AP PHOTOS: A taste of school lunches around world

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SEATTLE (AP) — First lady Michelle Obama is on a mission to make American school lunches healthier by replacing greasy pizza and french fries with whole grains, low fat protein, fresh fruit and vegetables.

The Associated Press helps you compare her efforts in the United States with what kids are eating around the globe by sending photographers to see what kids in Asia, Europe, Africa and Latin America ate for lunch this week.

The new American standards are giving kids in the United States a taste of the good life already experienced by school children around the world. Most countries put a premium on feeding school children a healthy meal at lunchtime.

Many kids go home to eat lunch with their families or bring a lunch cooked by their parents.

Although few schools sell lunch, snacks are available around the world. In many places those snacks are as unhealthy as treats in the United States: fried doughnuts in Mali and Pakistan, candy in the West Bank, fried chicken nuggets in France.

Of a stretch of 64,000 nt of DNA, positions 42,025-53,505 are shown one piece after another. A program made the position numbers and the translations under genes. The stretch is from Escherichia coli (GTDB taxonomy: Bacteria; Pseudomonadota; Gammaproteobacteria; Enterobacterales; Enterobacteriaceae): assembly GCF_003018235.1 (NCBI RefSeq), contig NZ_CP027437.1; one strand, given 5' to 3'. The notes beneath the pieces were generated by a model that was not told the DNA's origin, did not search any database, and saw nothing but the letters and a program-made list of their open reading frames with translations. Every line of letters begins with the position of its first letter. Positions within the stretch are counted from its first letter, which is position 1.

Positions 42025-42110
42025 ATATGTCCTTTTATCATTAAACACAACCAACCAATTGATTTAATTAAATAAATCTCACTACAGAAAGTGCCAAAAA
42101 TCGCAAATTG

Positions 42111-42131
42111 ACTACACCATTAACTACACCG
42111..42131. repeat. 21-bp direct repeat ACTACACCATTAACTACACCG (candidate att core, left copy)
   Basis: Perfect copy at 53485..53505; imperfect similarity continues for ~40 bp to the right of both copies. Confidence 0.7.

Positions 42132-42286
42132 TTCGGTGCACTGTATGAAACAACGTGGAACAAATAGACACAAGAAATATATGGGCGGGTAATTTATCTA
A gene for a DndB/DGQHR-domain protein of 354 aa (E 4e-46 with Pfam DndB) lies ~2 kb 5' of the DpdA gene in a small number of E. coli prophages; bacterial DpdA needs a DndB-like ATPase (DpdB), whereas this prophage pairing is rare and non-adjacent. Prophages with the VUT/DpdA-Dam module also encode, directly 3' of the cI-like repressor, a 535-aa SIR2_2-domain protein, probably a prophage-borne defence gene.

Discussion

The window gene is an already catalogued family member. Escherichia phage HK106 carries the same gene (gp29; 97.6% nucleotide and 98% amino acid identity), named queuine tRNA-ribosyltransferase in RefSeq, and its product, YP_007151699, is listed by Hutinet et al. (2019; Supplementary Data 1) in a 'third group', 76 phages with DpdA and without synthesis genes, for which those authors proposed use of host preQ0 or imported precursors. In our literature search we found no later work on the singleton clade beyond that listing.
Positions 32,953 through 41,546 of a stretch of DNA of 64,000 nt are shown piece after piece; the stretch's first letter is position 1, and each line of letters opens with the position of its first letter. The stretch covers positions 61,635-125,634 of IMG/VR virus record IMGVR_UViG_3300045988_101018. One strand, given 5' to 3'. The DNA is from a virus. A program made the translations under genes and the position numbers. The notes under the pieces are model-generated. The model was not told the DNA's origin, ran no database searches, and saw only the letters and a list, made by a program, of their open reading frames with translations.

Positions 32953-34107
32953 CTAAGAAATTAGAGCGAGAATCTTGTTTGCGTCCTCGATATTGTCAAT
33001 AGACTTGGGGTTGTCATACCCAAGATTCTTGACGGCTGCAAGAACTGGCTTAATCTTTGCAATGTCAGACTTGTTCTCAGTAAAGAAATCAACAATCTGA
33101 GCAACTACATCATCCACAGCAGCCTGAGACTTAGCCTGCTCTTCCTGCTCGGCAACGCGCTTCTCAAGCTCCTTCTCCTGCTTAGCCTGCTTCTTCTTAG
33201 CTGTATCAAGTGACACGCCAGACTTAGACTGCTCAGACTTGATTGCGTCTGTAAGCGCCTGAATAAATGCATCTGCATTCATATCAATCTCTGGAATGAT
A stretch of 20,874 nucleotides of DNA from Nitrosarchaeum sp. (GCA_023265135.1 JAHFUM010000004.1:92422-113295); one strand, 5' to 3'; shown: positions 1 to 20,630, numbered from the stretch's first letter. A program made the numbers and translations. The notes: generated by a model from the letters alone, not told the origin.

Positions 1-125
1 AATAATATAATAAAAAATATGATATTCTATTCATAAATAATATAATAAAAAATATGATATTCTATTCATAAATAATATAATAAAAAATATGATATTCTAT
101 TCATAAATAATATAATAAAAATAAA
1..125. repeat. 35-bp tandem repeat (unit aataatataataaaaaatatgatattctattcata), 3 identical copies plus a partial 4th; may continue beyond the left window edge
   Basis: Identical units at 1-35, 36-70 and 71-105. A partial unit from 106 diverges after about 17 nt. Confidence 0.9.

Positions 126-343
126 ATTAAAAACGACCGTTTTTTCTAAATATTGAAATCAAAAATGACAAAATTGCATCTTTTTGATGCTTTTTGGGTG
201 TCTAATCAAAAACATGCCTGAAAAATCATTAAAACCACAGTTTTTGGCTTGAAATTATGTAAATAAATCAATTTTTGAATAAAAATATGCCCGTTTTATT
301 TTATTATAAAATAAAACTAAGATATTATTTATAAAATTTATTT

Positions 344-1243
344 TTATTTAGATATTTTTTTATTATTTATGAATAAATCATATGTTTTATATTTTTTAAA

American children are more likely to eat a lunch made in a school cafeteria, although other countries are starting to adopt this practice as more mothers go to work outside the home.


In France, lunch is an art form: hot, multi-course and involving vegetables. While their mothers were at work Tuesday, children in Lambersart in northern France were served ratatouille, salmon, rice, a chunk of baguette and an orange.

A school lunch is laid out on a tray at the Anne Franck school in Lambersart, northern France. (AP Photo/Michel Spingler)


Children receive a free mid-day meal made of sweetened rice at a government school on the outskirts of Jammu, India. The Mid-Day Meal is a massive school feeding program reaching out to millions of children in primary schools across India, mainly to enhance school enrollment and attendance and improve nutritional levels among children.

Children stand in line to receive a free mid-day meal on the outskirts of Jammu, India. (AP Photo/Channi Anand)


Fresh food is also on the menu at the DEL-Care Edu Center in downtown Singapore, where students are fed breakfast, lunch and even dinner for kids of parents who work late. Typical lunches include spaghetti marinara, fish slices, chicken casserole or lotus root soup.

Bowls of salad are ready to be served at Delcare Edu Center, a local kindergarten and child care center in the business district of Singapore.(AP Photo/Wong Maye-E)


Kids usually bring a home-cooked meal to school in Pakistan, where school leaders check lunch boxes for junk food and admonish parents to keep things healthy. A typical sack lunch at The Bahria Foundation school in Rawalpindi, adjacent to the capital, Islamabad, includes eggs, chicken nuggets, bread, rice or noodles. Some also include leftovers such as minced mutton and vegetables cooked the night before.